The proposed event pricing also confuses the issue of demand. If a person has paid the higher fee, then there is no incentive for them to free up the parking spot. A suburban commuter could park near the arena in the morning and occupy the space for the entire day and evening, all for one price. That makes no sense. If the pricing only applies after a certain time, then the impact would be less and it does have the advantage of encouraging people to stay for more than just the event and to frequent other businesses. However, since it reduces the availability of parking during high demand times, it works against efficient parking management.
I have no problem, in principle, with the idea of free holiday parking, but it should paid for by businesses and not the city. If the business owners feel that it promotes business, and they are willing to pay, then they should be allowed. I doubt that they would want to, but I find no valid reason to prevent it. The idea that the city should subsidize free parking in order that downtown/midtown business may compete with the suburbs where free parking is almost universal, I do not accept. Suburban parking is not truly free, it is being subsidized, either by the businesses or the government. To meet one subsidy with another subsidy to not an appropriate role for government.
What does not seem to be on the table is modification of residential parking permits. Currently, these permits are free to people who live in residential parking permit zones. I think that the entire downtown/midtown area that is not metered should be covered by permit parking, and that permits should not be free. All permits would have a small fee, covering administration of the program, street sweeping, and pavement maintenance. Higher fees would be set for higher demand areas. If ample spots are available on weekends, then the base fee is sufficient. If there is a lack of open spots on weekends, then a higher permit fee should be charged, until demand comes into balance with supply. Again, there is no such thing as free parking, and there is no reason for residents of the city who do not own motor vehicles, or who live in other areas, to be subsidizing residential parking in downtown/midtown.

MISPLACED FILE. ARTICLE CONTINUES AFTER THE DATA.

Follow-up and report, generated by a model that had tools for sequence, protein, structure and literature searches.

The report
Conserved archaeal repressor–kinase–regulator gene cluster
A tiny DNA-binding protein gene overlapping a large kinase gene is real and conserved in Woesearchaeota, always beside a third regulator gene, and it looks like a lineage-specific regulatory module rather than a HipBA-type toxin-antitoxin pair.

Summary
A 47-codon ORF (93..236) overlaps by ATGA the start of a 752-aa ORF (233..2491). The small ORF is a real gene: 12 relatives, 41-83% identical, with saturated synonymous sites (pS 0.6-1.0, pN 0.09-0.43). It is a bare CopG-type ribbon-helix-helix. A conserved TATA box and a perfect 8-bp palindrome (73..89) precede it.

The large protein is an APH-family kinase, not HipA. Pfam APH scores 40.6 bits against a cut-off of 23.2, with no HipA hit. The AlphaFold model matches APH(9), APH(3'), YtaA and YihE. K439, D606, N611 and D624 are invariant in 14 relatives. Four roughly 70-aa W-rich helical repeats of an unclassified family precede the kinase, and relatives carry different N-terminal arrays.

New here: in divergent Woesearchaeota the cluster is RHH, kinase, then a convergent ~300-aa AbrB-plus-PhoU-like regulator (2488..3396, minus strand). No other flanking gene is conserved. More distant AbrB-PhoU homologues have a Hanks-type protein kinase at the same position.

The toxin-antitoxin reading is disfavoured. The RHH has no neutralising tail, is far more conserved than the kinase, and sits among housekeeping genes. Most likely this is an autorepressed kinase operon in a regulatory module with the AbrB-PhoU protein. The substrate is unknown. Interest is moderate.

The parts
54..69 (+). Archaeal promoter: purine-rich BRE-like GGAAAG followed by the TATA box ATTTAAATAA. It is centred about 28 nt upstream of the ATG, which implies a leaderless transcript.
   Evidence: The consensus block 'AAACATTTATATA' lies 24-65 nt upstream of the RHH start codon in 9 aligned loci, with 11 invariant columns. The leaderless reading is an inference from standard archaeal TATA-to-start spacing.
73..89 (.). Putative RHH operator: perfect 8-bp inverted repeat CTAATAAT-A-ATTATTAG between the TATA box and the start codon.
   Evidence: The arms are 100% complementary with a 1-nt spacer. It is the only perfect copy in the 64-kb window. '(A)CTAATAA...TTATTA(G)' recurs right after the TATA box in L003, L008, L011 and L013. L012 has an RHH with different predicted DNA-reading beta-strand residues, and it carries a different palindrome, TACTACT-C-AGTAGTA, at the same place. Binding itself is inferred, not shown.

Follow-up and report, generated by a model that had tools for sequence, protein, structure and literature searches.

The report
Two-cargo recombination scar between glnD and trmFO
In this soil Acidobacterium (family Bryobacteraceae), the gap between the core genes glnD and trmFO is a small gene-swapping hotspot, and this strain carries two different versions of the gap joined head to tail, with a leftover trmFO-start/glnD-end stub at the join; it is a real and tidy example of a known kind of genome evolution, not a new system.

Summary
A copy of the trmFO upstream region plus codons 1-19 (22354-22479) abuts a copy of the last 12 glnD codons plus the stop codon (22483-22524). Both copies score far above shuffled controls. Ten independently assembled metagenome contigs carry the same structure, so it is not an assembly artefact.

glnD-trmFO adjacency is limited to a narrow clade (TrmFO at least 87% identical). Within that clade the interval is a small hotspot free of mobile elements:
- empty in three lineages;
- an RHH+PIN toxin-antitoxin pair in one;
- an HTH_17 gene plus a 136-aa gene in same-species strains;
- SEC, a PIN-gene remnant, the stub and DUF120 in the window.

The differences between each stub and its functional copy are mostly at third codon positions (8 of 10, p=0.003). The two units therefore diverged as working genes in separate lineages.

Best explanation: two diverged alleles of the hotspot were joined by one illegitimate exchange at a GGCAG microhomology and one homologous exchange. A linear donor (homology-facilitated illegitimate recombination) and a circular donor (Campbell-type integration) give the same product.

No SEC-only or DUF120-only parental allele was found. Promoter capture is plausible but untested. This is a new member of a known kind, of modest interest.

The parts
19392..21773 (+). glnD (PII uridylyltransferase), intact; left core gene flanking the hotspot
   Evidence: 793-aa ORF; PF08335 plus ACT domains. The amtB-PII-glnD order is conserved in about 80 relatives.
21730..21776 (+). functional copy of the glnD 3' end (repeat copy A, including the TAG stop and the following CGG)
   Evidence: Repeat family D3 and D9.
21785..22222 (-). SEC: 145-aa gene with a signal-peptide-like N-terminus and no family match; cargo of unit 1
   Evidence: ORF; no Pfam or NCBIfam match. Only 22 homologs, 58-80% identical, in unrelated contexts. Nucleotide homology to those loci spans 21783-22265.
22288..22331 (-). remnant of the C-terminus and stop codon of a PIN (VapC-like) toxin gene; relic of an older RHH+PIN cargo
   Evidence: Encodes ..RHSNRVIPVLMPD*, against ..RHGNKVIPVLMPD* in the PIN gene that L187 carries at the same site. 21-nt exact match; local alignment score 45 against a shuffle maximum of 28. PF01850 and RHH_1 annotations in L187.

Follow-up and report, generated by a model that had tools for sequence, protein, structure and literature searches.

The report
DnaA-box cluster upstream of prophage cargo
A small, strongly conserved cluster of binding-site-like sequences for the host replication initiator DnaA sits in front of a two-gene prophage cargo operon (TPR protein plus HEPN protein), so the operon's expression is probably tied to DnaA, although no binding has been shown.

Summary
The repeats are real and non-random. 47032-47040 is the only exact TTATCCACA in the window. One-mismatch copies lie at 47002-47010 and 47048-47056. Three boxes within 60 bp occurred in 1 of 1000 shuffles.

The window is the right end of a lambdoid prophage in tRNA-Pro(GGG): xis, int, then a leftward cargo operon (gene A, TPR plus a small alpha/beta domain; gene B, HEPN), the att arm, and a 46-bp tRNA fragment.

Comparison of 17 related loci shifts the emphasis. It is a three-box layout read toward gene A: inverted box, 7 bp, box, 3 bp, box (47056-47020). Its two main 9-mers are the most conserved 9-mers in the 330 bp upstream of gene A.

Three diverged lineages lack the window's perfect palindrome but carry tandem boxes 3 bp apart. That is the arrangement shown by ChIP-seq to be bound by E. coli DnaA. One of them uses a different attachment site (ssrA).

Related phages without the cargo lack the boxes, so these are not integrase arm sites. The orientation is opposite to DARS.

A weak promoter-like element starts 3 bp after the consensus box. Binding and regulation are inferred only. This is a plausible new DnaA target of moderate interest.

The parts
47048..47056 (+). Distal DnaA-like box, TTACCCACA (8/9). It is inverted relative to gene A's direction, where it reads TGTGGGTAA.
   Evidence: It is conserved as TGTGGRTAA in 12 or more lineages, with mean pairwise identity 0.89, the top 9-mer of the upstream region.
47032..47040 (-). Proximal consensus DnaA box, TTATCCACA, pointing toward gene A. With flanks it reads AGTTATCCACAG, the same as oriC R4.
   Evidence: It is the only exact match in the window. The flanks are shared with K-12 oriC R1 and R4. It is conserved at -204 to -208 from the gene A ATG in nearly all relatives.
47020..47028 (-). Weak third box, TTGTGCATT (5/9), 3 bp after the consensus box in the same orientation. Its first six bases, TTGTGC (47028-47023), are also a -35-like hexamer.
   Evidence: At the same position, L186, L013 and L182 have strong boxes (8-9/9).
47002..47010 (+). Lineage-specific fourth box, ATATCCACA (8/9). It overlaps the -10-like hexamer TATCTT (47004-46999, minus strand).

Another issue not on the table is returning some of parking revenues to the neighborhoods from which it comes. The street is an environment, of which parking spots and associated fees are one of the elements. Parking fees should be used, at least in part, to enhance that environment. If sidewalks need to be repaired, if the street needs to be repaved, if roadway width needs to be reallocated to bike lanes or sidewalks, if ADA ramps are needed, if amenities are needed such as trees, street furniture, bike parking or parklets, all of these are valid investments in livability that could be paid for, in part, by parking fees. These programs are in place in a number of cities, and are one of the tools for gaining community support for better management of parking, but Sacramento does not have such a program. Now that all parking revenue is going to pay off arena bonds, the city of course won’t want to return any funds to the neighborhoods, but they should, and this idea should be considered along with all others in any revision of parking fees and regulations.
I will note that the comments on the SN&R blog, and the ones that will show up on the article and in many other places, will be from people who think that free parking is guaranteed in both the bible and the constitution (along with cheap gas). I’m not one of those people. Parking should never be free, and it should be managed in a way that provides the most benefit to the community. The city could accomplish those goals if it thinks creatively about parking rather than just increasing revenue or patching problems that have been created by past policies. I hope that the city will step back, consider all parking issues at the same time, and come up with a solution that works. Certainly that solution would include higher fees, at least at times and locations appropriate, more restrictions when necessary, and less restrictions when not, and a return of some revenue to the neighborhoods.
All of these thoughts are applicable to downtown/midtown. Whether they are applicable to other parts of the city and to other parts of the county and region, I’m not sure. But I intend to keep reading up on the issue and thinking about it.